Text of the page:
Nucs are currently sold out for 2020.
We may have a small number available in Spring.
Please email us at email@example.com to get on the wait list.
You can support local small scale sustainable beekeeping, diversified genetic stock and locally adapted queens by purchasing your nucs from me in 2020.
You can read more about my practices at Yard Birds Farm & Apiary’s website.
Questions and Answers
About Nucleus Hives
How do you make these nucs?
The practices outlined below are the bees your nucs are produced from. Each nuc receives a newly mated queen from these lines.
The breeder or “mother” queens used for propagation are a mix of VSH queens and survivor stock Russians who have overwintered successfully in the Northeast (Montague, MA) for two winters.
These lines demonstrate resistance to varroa infestation and receive no chemical treatments. When mating, I select breeder queens based on a queen health protocol list I developed. I conduct bi-annual viral testing.
I test and select for more resilient bees by monitoring mites regularly, and eliminating less mite resilient bees from my operation. I integrate manual manipulations to prevent treating breeder queens.
The queens in the nucs are NEWLY bred from a mix of my NE survivor stock queen mothers in locations with high drone saturation from both VSH queens and survivor stock Russian bees.
The breeder queen mothers have overwintered for two full New England winters before being brought to an isolated breeding outpost in the South for early Spring queen rearing.
These bees NEVER go to almond pollination.
Are these nucs overwintered?
THE NUCS ARE NOT OVERWINTERED.
Each nuc receives a newly mated queen from these lines. They are produced in Spring in a saturated southern outpost (see above for process).
Are these nucs treated?
These nucs do not receive any chemical treatments.
I don’t buy or use equipment from larger apiary producers or commercial operations. These are my bees bred from the bees I have worked with since 2015.
I work collaboratively with other survivor stock queen rearers to create saturated breeding zones to ensure drone saturation of our selected genetics.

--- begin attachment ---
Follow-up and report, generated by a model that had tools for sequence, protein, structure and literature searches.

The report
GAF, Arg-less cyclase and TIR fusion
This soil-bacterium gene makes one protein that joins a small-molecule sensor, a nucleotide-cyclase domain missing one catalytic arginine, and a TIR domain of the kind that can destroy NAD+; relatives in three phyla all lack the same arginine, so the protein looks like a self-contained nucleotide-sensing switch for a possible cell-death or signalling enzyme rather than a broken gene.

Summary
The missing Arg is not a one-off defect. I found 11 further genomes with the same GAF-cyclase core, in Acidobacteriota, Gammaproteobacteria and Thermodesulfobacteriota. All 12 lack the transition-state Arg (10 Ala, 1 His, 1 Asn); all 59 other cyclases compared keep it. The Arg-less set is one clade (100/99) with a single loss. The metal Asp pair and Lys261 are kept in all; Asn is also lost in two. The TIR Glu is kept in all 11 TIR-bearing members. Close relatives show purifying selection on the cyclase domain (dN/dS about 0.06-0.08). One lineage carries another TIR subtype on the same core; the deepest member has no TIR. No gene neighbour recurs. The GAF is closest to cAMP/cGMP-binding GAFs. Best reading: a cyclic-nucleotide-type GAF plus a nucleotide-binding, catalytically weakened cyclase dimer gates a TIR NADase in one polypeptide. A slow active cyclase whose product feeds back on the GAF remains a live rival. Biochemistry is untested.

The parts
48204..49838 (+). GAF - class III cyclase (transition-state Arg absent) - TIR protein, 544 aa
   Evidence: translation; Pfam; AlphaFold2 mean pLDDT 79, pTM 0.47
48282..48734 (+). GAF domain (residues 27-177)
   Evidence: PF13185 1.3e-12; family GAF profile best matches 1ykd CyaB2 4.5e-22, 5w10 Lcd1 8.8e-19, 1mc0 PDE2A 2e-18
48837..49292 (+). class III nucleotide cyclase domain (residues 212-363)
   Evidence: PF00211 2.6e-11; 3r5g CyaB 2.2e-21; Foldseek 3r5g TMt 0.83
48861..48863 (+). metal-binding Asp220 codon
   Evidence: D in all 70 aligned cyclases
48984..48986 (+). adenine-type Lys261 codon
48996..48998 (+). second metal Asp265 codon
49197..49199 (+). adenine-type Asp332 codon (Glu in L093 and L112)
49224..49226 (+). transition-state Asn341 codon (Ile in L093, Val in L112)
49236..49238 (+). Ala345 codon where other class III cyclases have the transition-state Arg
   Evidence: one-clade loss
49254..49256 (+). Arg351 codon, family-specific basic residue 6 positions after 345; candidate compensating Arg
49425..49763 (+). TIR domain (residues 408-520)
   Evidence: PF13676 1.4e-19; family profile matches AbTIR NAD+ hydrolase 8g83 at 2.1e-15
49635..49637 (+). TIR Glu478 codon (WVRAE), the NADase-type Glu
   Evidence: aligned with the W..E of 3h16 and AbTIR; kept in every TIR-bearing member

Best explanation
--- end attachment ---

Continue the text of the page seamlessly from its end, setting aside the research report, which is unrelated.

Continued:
What is a nucleus hive?
Nucs, or nucleus colonies, are small honey bee colonies created from larger colonies. The term refers both to the smaller size box and the colony of honeybees within it. The name is derived from the fact that a nuc hive is centered on a queen, the nucleus of the honey bee colony.
A Nucleus hive will be made of 5 frames total, 2 frames of capped brood, 1 frame of open brood, 1 frames of food (honey and pollen) and a frame of drawn wax. There will be a newly mated queen and 5 frames of bees.
These hives are ready to be placed in a 10 frame hive and grow into successful colonies.
How much does a nucleus hive cost?
Nucleus hives are $225. This covers the cost of raising of bees on a small scale using sustainable apiary practices and the equipment necessary to build out and house your nuc.
No equipment trades will be considered for these hives. With equipment trades we run the risk of spreading disease. In addition they require an immense amount of coordination labor. We will not accept equipment trades this year.
Why do I have to pay now?
I ask all customers to pay for nucleus hives when they order.
When customers pay up front, I know how many hives I can produce and sell successfully, which impacts how my business can sustain itself AND grow. Thank you for your willingness to support this small scale apiary. Paying up front helps me sustain my apiary and run low cost apiary education opportunities in my community.
When and where will I receive my nuc?
Nucleus colonies must be picked up at the farm in Montague. A map can be found here (click for map).
All nuc pick ups will occur in May and early June 2020 at the apiary site at Yard Birds Farm. Dates are TBD due to weather. We appreciate your patience, and promise to be in clear communication throughout the process.
WE DO NOT SHIP NUCLEUS HIVES, PICK UP ONLY at the farm in Montague, MA.
I have more questions. How can I get more information?
Email me at firstname.lastname@example.org